Kentucky Court Report Unofficial blog of Kentucky Court of Appeals and Supreme Court decisions, minutes, argument calendars and news - maintained as a public service by Louisville injury attorney Michael Stevens with law firm of Isaacs and Isaacs
The Kentucky Supreme Court is scheduled to hear arguments in a case that
asks how much due process individuals deserve before they are branded
as child abusers, the Courier-Journal reports.
Unlike the sex-offender registries that every state makes available on
the Internet, child offender lists generally aren’t accessible to the
public. A person doesn’t have to be convicted or charged with a crime to
be listed. In Kentucky, people are placed on it because a social worker
substantiates an allegation of abuse or neglect, according to the
newspaper. A man identified by his initials, W.B., sued to challenge
the protocol, fearing that being listed would cost him his teaching
post. [from the Wall Street Journal]
The following news story from the Harlan Daily Enterprise is posted in its substantial entirety because the ramifications are signficant. A sitting judge, elected by the citizens, was removed by the SCOKY.
The Kentucky Supreme Court has upheld the Kentucky Judicial Conduct Commission’s decision to remove Harlan Circuit Court Judge Russell Alred from the bench.
The Kentucky Supreme Court heard oral arguments in this matter approximately three months ago. An order to remove Alred from the bench was handed down by the Commonwealth of Kentucky Judicial Conduct Commission (JCC) on Sept. 20. That order is only the fourth such order issued since the JCC was established in the early 1980s.
The Kentucky Supreme Court’s decision, released on Monday, states that Alred was found guilty of judicial misconduct in nine out of 20 charges made by the JCC. The Supreme Court upheld the commission’s order on eight counts and reversed the commission’s decision on one count.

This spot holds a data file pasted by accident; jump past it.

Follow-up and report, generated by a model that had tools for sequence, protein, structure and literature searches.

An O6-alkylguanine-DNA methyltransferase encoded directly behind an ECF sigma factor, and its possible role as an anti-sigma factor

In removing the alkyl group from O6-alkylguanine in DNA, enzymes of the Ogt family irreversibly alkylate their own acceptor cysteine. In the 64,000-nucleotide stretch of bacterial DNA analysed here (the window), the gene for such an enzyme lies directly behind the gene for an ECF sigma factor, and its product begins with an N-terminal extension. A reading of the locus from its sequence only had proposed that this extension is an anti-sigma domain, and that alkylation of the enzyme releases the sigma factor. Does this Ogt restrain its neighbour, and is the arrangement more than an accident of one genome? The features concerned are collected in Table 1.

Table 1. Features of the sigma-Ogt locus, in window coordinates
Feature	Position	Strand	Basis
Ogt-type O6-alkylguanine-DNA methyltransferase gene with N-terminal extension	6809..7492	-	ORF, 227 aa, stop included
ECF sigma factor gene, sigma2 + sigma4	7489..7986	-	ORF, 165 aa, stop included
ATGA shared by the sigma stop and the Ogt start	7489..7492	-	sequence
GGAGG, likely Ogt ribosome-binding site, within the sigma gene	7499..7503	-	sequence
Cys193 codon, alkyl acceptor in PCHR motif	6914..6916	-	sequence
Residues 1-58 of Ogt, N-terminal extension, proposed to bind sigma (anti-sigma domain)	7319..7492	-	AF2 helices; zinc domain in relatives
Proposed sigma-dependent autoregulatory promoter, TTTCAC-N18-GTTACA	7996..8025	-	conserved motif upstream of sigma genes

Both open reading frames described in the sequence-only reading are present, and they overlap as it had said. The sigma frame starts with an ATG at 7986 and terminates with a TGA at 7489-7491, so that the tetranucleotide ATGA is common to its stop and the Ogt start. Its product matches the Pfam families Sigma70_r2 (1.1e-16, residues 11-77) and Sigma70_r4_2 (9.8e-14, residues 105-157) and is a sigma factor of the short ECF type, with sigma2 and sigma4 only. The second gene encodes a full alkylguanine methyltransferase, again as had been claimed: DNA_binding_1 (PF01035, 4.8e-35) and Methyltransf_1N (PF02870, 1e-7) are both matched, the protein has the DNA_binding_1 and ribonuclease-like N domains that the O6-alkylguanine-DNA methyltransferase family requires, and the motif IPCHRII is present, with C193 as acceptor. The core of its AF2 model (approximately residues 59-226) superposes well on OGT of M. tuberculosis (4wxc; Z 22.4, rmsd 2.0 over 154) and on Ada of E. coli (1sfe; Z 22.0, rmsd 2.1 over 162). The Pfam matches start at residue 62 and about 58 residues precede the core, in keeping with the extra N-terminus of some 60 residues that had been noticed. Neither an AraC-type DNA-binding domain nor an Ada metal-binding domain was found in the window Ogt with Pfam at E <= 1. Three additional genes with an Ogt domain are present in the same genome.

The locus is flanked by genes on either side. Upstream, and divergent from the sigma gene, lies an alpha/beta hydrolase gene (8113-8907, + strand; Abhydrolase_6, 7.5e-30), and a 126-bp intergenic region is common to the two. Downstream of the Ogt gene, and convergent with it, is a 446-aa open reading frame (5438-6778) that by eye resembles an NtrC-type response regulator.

That count included, “on two occasions, Judge Alred questioned the principal of his children’s elementary school about why a certain defendant continued to work as a substitute teacher at the school while she had pending fraud charges in the Harlan Circuit Court.” The Kentucky Supreme Court stated that the commission’s findings regarding that count were erroneous because they are not supported by sufficient evidence.
The written decision also states “from our review of the record, it is clear that Judge Alred engaged in a pattern of misconduct, displaying disregard for the law and the Kentucky Code of Judicial Conduct. He continually refuses to accept responsibility for his actions or acknowledge his wrongdoing. Accordingly, we agree with the commission that there is good cause under section 121 of the Kentucky Constitution to remove Judge Alred from his judicial office for misconduct, as defined in the Kentucky Code of Judicial Conduct.”
The decision to remove Alred from office was not without opposition among members of the high court. Five members of the court, including Chief Justice John Minton, Justices Wil Schroder, Mary Noble, Lisabeth Hughes Abramson and Daniel J. Venters concurred with removing Alred from office.
Read more here: http://www.kentucky.com/2012/07/23/2267865/kentucky-supreme-court-upholds.html#storylink=cpy
Kentucky Supreme Court Justice Bill Cunningham concurred in part and dissented in part.
Cunningham wrote “Judge Alred has not killed or physically injured anybody. He has not molested his secretary. He has not stolen a dime. In fact, he hasn’t even been charged with a crime of any kind — misdemeanor or felony. None of his friends or family members have gotten rich or gone free because of his missteps. He has not enriched himself financially nor engaged in any kind of debauchery.”
Cunningham stated he disagreed with removing Alred from office.
“I know that in the past, at least, we have had judges convicted of crimes continue to serve on the bench. Therefore, I concur in part and dissent strongly in part. I concur with the adept handling of constitutional issues by the Chief Justice. I dissent as to the penalty of removal from office, as well as our court’s treatment of some of the charges,” wrote Cunningham.
Justice Will T. Scott dissented along with Cunningham.
According to Leigh Ann Hiatt, Public Information Officer for the Administrative Office of the Courts, Alred will continue to receive pay and benefits until his removal from office becomes effective.
Alred’s attorney, Marcus Carey, explained during a telephone interview on Monday there are options available should Alred decide to pursue the matter further.
“The first option, which is pretty apparent, is to ask the court to reconsider,” said Carey. “There is the option to ask a federal court to review whether or not the actions of the state violated constitutional protections to which Judge Alred would’ve been entitled.”